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Question: Are both expressions "consistent estimator" and "consistent estimate" meaningful?


The quote below is intended to be illustrative; however, I am interested in the question above in a general setting.

Reading a paper on econometrics (Krueger, 2001, pp. 8), I noticed an expression "consistent estimate[s]":

Generalized method of moments provides a way to weight the sample moments efficiently to derive consistent estimates of the desired population parameters.

which I found a little weird; I was more used to "consistent estimator". I thought it was a typo. I googled the two expressions to see if one clearly dominates. Interestingly, Google gives quite many hits for both: 190 000 for "consistent estimator" and 126 000 for "consistent estimate".

Here is a thread "What is the relation between estimator and estimate?" with a beautiful answer from @whuber. I guess it could be sufficient, but I would appreciate an answer specifically on whether the concept "consistent" applies to both "estimator" and "estimate" or just one of them.

References

  • Krueger, Alan B. "Symposium on econometric tools." The Journal of Economic Perspectives 15.4 (2001): 3-10.
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    $\begingroup$ I'd include examples in the post rather than make this thread depend on reading outside sources. It's easy to guess that some of those uses would offend as incorrect; otherwise what I expect is of the flavour that consistent estimates are those produced by a consistent estimator. I am happy to feel such usage to be on one level absurd and lacking rigour or even correctness and on another level an excusable extension of standard terminology. $\endgroup$ – Nick Cox Feb 11 '16 at 10:02
  • $\begingroup$ @NickCox, done. I should probably have omitted the reference in the first place. I am looking for a general explanation which I suspect to be quite simple (something like what you indicated). $\endgroup$ – Richard Hardy Feb 11 '16 at 10:49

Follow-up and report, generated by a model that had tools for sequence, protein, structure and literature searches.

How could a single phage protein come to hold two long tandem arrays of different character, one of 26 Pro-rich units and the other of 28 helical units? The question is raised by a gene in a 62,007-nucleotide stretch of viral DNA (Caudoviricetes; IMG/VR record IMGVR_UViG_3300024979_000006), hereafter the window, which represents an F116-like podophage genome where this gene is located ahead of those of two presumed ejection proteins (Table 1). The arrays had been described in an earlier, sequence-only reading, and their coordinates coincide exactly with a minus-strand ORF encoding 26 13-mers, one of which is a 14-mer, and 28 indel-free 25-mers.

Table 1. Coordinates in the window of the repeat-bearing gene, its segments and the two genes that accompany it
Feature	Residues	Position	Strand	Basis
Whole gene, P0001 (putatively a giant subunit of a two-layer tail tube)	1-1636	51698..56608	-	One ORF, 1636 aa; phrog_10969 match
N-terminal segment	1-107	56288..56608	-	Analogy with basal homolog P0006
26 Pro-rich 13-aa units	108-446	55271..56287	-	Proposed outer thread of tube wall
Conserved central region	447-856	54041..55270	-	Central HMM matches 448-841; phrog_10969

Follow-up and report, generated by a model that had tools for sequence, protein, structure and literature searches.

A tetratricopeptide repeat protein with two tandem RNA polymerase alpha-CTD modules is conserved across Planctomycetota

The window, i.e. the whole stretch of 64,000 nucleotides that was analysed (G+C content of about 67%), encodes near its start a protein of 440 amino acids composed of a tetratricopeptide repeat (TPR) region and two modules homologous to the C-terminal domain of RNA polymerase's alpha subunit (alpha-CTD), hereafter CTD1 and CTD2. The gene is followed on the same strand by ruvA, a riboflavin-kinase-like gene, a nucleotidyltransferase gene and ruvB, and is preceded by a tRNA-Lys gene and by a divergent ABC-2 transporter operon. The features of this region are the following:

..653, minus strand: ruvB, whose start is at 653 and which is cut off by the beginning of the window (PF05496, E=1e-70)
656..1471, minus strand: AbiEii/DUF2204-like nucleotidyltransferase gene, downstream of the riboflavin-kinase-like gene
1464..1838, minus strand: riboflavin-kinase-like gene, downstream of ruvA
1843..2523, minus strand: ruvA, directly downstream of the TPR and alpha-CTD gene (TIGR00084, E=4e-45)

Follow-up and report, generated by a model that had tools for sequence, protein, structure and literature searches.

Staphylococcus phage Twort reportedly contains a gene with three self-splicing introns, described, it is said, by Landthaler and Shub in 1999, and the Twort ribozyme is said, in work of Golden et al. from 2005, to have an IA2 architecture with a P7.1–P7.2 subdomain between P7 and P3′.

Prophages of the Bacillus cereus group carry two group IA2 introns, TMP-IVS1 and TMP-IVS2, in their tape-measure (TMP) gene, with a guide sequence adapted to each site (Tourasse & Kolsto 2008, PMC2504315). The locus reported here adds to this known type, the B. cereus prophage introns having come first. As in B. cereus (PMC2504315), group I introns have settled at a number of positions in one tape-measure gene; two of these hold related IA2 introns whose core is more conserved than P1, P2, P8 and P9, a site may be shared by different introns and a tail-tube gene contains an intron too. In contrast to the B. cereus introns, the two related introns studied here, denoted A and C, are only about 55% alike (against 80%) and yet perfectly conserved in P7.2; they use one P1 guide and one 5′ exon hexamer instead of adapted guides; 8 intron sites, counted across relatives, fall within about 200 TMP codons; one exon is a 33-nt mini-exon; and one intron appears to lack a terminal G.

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    $\begingroup$ Most of us can combine a strong desire to write carefully and correctly with an expectation that some of what we write would astonish others, especially those who understand more and understand more deeply and have even stronger drive for correctness. I've not followed up on the context but the quotation seems a little ambiguous. In general "derive" could mean anything from "do the formal manipulations to get a recipe" to "do the calculations to get some numbers". $\endgroup$ – Nick Cox Feb 11 '16 at 10:55
  • $\begingroup$ @Tim, I feel that my wish for a concrete answer on the specific question is justified. Even if the answer can be inferred (by a qualified individual) from the other post (which I linked in my post right from the start), why not just spell it out in an answer and make it easier for anyone who ponders upon this question in the future? (And gain reputation points, too.) $\endgroup$ – Richard Hardy Feb 11 '16 at 11:38
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The difference between estimator and estimate was nicely described by @whuber in this thread

an estimator is a definite mathematical procedure that comes up with a number (the estimate) for any possible set of data that a particular problem could produce